Written from my perspective as a pilot, instructor, and educator, my current manuals for the Chelton EFIS system, G1000W, GTN 650/750, GNS 480, and GNS 430W/530W are all in full color, with several hundred simulator screen shots.  They are printed on glossy paper with a 14 font for easy reading, have heavy glossy covers, and are plastic spiral bound so they lay flat or easily fold over. All manuals are $35 plus S&H ($3 in the US).


Training Classes

Full day or hourly classes are offered on the Chelton EFIS or Garmin 400/500 series or 480 GPS units, using docking stations to run them in their respective Demo modes on the desk.  PowerPoint presentations for the specific unit, describing all operations of the device, are used while students (up to 3 at a time) follow along on the GPS.  Training on the GTN 650/750 and G1000 is also available using computer simulators. The courses all begin with a "getting started" section and then proceed to cover all of the major uses of the device: using maps; getting information from it's database; making and editing flight plans; using the autopilot; importing datalink, fuel, and traffic information; adding procedures and flying them; and any other subject specific to each device.

Training Units

To take a class, send me an e-mail (click here or send to thomassen@avionicswest.com) to work out a schedule.  Classes are held in Grass Valley, CA.  Fly commercially to Sacramento (KSMF) and rent a car (1.2 hours), or fly to the Grass Valley airport (KGOO) where I will arrange transportation.  I personally conduct all classes.

GPS Articles

There is a commonality among GPS receivers in the principles behind them.  Here are links to my articles on various fundamental concepts that bear on how a GPS works.  These include the concept of flight legs, sequencing, autopilot commands from legs, GPS altitude, Vertical Courses, etc.  Click on them to learn more. 


7. WAAS    


Garmin Tips and Tricks

These short articles were written for the Twin Commander newsletter and monthly magazine Flight Levels, and were originally intended for the Garmin 430W/530W.  More recently they include examples using the GTN 650/750. Each Tip comes from my experiences in teaching how to use these units, and they deal with common issues, misconceptions, or confusion about some fundamentals of GPS operation.

1. Direct-To 2. Flight Plans 3. Jumping Ahead
4. Activating Approaches 5. Vectored Approaches 6. Convert to Vectors
7. Vertical Courses 8. Approaches 9. User Waypoints
10. Approach Transitions 11. Changing a VTF Approach 12. GPS Simulators
13. Practice Approaches 14. Autopilots 15. The OBS Button
16. Crossing Airways 17. GPS and Magnetic Variation 18. The GTN 750 Find Key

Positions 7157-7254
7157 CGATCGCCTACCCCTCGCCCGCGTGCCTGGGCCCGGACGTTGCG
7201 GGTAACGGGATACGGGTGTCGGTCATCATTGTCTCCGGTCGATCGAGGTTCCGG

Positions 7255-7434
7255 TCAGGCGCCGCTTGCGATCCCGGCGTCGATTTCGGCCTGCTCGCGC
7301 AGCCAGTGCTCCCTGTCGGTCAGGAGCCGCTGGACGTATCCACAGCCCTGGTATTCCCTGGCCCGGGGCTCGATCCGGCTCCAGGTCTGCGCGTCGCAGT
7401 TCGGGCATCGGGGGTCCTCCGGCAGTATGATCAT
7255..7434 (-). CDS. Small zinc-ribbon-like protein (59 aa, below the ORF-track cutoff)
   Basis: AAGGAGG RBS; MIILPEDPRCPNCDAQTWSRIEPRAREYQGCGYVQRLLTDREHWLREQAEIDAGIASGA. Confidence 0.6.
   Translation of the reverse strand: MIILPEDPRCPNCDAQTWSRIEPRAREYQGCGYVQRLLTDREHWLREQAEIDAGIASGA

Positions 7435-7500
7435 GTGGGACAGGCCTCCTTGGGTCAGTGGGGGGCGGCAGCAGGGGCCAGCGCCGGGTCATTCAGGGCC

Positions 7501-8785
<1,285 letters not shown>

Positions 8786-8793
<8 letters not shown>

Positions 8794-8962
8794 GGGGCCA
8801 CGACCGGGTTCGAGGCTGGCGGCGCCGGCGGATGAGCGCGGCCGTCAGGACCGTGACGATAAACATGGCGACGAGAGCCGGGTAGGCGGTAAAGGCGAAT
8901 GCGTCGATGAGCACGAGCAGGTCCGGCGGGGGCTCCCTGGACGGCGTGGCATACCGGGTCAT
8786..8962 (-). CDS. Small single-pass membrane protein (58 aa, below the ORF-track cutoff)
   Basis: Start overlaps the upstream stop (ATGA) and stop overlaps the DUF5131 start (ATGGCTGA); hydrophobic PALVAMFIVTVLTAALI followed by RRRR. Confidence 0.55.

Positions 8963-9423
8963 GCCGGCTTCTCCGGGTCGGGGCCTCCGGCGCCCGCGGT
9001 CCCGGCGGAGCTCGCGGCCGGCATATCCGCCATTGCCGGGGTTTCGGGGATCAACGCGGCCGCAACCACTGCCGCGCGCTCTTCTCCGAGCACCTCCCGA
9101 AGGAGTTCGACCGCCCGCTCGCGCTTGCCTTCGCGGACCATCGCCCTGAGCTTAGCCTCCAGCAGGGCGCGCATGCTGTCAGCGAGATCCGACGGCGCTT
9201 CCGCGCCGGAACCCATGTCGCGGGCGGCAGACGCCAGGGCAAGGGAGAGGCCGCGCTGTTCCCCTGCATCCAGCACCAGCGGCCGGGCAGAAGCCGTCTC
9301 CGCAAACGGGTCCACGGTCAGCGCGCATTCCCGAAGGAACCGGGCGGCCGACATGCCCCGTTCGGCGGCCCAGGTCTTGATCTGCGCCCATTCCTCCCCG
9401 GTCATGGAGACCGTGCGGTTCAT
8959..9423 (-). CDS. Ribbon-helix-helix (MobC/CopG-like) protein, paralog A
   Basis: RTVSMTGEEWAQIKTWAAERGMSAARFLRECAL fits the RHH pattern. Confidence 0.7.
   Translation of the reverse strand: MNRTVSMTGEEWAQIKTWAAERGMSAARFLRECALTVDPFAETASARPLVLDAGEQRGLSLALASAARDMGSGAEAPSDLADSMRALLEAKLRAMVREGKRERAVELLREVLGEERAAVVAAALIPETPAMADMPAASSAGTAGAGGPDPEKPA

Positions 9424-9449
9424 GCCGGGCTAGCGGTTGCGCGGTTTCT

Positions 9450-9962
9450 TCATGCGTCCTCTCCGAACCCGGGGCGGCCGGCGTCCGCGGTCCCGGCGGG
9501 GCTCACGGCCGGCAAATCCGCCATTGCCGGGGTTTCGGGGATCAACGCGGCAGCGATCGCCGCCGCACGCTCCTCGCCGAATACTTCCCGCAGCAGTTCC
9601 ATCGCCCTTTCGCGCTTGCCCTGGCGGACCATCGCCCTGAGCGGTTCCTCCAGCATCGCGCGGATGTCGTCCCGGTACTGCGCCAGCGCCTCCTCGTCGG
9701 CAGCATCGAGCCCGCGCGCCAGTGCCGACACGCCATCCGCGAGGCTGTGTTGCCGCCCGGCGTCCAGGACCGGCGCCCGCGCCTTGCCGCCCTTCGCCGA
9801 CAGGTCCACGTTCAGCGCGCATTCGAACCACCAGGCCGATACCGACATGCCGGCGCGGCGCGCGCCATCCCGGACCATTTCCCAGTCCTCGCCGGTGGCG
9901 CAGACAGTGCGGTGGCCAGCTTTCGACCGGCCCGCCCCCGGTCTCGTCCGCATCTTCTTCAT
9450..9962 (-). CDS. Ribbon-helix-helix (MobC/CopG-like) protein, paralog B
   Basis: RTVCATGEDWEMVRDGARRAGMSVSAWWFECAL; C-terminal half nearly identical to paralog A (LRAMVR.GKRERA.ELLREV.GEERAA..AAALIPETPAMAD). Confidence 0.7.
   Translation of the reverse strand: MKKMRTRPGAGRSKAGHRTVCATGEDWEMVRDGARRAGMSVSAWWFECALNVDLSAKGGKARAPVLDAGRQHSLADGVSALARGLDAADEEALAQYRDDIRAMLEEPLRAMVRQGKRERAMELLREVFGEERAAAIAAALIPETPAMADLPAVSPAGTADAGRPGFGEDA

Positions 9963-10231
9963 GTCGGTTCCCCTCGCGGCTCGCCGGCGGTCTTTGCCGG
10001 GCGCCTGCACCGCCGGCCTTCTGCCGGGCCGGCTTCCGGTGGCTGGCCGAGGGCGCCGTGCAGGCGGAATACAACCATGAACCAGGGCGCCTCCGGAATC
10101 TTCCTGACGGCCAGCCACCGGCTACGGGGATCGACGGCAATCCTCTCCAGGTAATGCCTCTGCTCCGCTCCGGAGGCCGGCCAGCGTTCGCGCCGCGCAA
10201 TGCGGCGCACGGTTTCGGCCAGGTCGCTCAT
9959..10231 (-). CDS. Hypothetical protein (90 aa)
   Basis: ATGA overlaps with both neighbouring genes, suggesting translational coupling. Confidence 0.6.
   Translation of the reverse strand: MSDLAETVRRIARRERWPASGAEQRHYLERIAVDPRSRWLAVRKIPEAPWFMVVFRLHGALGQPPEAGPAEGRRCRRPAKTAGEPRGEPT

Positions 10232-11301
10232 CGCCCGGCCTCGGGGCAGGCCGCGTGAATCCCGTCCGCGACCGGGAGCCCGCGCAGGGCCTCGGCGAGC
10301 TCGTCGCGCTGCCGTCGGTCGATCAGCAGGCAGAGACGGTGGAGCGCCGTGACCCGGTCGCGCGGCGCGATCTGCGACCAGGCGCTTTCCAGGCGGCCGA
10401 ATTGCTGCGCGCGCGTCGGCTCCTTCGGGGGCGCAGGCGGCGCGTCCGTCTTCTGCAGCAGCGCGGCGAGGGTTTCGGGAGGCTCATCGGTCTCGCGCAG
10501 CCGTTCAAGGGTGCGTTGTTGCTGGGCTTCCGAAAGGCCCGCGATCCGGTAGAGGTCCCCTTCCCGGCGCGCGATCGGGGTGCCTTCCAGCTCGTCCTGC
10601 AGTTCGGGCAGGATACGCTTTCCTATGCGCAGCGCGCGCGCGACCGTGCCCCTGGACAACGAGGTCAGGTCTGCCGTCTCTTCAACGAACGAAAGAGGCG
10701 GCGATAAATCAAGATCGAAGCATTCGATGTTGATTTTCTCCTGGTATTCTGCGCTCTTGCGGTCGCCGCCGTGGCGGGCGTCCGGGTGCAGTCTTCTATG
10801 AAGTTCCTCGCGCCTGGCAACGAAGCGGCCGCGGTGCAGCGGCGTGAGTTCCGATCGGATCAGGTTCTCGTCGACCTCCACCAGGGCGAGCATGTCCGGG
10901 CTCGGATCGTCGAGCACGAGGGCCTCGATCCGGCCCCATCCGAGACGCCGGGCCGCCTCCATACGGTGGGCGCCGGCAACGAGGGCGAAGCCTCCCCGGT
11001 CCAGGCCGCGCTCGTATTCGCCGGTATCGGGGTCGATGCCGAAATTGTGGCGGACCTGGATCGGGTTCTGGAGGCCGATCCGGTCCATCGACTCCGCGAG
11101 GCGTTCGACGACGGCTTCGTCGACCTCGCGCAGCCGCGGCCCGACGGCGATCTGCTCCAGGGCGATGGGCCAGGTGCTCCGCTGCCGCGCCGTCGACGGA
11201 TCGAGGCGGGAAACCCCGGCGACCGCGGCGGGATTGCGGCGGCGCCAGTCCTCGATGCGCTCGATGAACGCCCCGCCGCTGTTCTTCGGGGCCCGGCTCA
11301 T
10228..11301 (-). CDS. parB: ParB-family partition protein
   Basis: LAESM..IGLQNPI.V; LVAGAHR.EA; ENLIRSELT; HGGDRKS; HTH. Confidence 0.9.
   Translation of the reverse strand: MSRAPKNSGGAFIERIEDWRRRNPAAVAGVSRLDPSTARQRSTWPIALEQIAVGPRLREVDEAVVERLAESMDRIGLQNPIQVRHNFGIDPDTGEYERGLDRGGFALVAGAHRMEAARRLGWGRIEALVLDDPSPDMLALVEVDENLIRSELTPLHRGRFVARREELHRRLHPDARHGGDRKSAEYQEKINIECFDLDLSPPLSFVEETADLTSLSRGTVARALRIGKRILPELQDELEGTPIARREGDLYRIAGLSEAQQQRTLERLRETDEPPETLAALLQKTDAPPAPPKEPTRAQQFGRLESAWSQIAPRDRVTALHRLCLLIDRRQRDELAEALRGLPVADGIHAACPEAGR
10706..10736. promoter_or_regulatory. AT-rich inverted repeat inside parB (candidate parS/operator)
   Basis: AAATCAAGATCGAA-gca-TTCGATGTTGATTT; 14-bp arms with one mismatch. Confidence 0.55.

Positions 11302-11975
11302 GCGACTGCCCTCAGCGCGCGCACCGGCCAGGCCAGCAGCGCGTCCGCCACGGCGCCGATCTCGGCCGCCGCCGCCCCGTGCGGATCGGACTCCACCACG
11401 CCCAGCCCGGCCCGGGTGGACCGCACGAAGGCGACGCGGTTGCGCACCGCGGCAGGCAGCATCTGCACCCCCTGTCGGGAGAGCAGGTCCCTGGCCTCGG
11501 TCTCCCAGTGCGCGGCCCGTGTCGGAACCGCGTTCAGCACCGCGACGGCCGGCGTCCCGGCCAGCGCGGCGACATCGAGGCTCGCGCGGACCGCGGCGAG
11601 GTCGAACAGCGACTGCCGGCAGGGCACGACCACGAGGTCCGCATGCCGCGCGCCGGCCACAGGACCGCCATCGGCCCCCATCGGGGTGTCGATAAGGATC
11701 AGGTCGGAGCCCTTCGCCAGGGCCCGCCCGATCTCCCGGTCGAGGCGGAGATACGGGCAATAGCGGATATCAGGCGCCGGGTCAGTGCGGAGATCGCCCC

19. Holds on The GTN 750 20. New GTN 750 Software 21. ADS-B Update
22. GPS Altitude 23. Navigation gone Digital 24. Practice Approaches with the GTN 750
25. Transition to the Pattern 26. Suspended Flight Legs 27. VNAV comes to the GTN750
28. Voice Commands to the GTN 650/750 29. Traffic and Weather on the GTN 6xx/7xx 30. Missed Approaches
31. Using your Flight Plan 32. Flying with a Digital Autopilot  


Other Articles

1. METARs and TAFs 2. Barometric Altitude 3. Wind Flows
4. Flying the Perfect Hold 5. AHRS, Air Data Computers, and Magnetometers  



About the Author/Trainer

I'm Keith Thomassen, the author of the manuals and the workshop trainer. I earned my first pilots certificate in 1958 and pursued a professional career of scientific research and teaching while expanding my aviation interests.  With a PhD in Electrical Engineering from Stanford University I carried out Fusion Energy research at Stanford, MIT, the Los Alamos National Laboratory, and the Lawrence Livermore National Laboratory.  During my career I held professorships at MIT and UC Berkeley, and also taught courses at Stanford, UCLA, and Harvard.  I am a Flight Instructor, with Airplane, Instrument, and Glider ratings.  On retirement I developed a strong interest in all things GPS, have been giving GPS classes since 2002, and have written for several aviation magazines in addition to publishing the manuals described here. I am available for talks to flying clubs, for FBO seminars, and educational talks on various avionics topics.


This website formerly belonged to my training partner Tom Rogers, at one time the owner of Avionics West in Santa Maria, CA.  After selling that business he moved to Tennessee where he maintained this site for his business, Avionics West of Tennessee.  Tom was a great friend, and his passing in October, 2009 left us all saddened. With his business now closed, this site will be used to promote GPS use and understanding, with articles and items of interest as time goes on.  We miss you Tom.

Tom Rogers